GridGain Developers Hub

Microsoft Azure Deployment

This page explains how to launch a GridGain cluster on Microsoft Azure. GridGain provides Azure images with GridGain Enterprise Edition preinstalled. You can use the image to launch a GridGain cluster without buying the Enterprise license and only pay for the usage of Azure resources.

Considerations

  • When creating Azure virtual machine, select appropriate VM size for your use case. Consider the amount of RAM/disk space you will need to store all your data.

  • If you want to connect your applications to the cluster running on Azure, you will need to open specific ports. Therefore, we strongly recommend you secure your cluster by authorization/authentication. Refer to the Security section for details.

Creating Virtual Machine

  1. Go to Azure Marketplace and search for "GridGain In-Memory Computing Platform". After the GridGain offering page is opened, click the Create button. This will launch the Create a virtual machine configuration wizard:

    azure
  2. On the Basics tab, fill in the required fields and make sure:

    • The Image field is set to "GridGain EE".

    • The Size of the VM matches your use case.

Configuring Ports

If you want to connect to the cluster from outside of Azure, you need to open specific ports:

  • 10800 — thin clients/JDBC/ODBC connection

  • 8080 — REST API

  • 47100-47200 — Communication ports. Open the communication ports only if you want to connect client nodes to your cluster from outside of Azure.

  • 47500-47600 — Discovery ports. Open the discovery ports only if you want to connect client nodes to your cluster from outside of Azure.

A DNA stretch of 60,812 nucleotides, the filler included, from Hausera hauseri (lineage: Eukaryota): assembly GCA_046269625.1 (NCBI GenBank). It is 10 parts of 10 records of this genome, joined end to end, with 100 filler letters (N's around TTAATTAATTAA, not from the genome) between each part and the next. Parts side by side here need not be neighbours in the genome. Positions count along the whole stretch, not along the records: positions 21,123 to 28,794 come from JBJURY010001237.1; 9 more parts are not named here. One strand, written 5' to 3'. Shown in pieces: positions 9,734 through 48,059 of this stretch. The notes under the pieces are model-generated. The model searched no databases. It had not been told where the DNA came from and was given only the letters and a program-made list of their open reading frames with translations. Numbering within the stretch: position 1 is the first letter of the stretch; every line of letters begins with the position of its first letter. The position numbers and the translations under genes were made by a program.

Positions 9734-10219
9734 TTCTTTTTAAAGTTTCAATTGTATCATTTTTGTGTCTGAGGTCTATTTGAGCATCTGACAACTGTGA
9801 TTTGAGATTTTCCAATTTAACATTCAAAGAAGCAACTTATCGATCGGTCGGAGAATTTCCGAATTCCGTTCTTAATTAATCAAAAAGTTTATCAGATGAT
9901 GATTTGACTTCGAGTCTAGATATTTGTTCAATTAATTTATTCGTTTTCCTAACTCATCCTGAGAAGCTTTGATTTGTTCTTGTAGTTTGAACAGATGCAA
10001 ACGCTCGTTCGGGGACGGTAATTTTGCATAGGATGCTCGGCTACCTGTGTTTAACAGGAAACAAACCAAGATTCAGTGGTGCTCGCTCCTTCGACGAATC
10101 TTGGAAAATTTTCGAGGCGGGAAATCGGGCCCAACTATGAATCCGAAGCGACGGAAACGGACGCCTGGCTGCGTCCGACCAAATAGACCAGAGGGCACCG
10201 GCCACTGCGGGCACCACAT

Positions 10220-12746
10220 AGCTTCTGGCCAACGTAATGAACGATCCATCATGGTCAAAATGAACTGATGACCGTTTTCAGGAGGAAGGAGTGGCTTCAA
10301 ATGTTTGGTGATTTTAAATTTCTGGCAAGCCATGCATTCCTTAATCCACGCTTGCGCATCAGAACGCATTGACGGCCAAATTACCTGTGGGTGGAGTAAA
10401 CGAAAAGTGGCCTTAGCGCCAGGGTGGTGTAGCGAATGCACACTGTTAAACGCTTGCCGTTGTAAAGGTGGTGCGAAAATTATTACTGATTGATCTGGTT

You can open/close ports later, after the VM is started, by changing the network security group associated with the VM.

To open a port, you need to create an inbound rule. Here is how you can do it:

  1. Go to the Networking tab.

  2. Set NIC network security group to advanced.

  3. In the Configure network security group option, click Create new.

  4. In the right-hand panel that appears, click + Add an inbound rule.

  5. Fill in the fields as shown the following image. Here we are opening port 10800.

    azure thin client port

    You may want to configure a more secure rule by specifying the Source field and other settings.

  6. Create inbound rules for other ports you want to open.

Starting VM

Go to the Review + create tab and click Create. After the VM is created, go to its overview page and note the Public IP address.

Log in to the VM using credentials provided on the Basics tab.

ssh -i mykey myUserName@40.85.155.154

Launching a GridGain Node

The GridGain Enterprise installation is in the folder /opt/gridgain/gridgain-enterprise-8.7.29 You can start a GridGain node as follows:

  1. Go to /opt/gridgain/gridgain-enterprise-8.7.29/bin.

  2. Start the node by running ./ignite.sh. After that, you should see that the GridGain node is up and running.

    azure node logs

We’ve successfully started a single GridGain node with the default configuration. However, in general case you would want to start multiple nodes in individual VMs and connect them into a single cluster. To do that, you will need change default discovery configuration, which is explained in the following sections.

Changing Default Properties

If you want to use custom configuration parameters, such as enable persistence or change memory settings To change the default configuration parameters, you can either:

  • modify /opt/gridgain/gridgain-enterprise-8.7.29/config/default-config.xml , or

  • create your own file and pass it as a parameter to the start-up script:

    ./ignite.sh your-config-file.xml

When starting a node with a custom configuration file, add the following property to the IgniteConfiguration bean:

<bean class="org.apache.ignite.configuration.IgniteConfiguration">
    <property name="userAttributes">
        <map>
            <entry key="iaas.vendor" value="azure"/>
        </map>
    </property>
</bean>

This attribute is required for proper licensing.

Configuring Discovery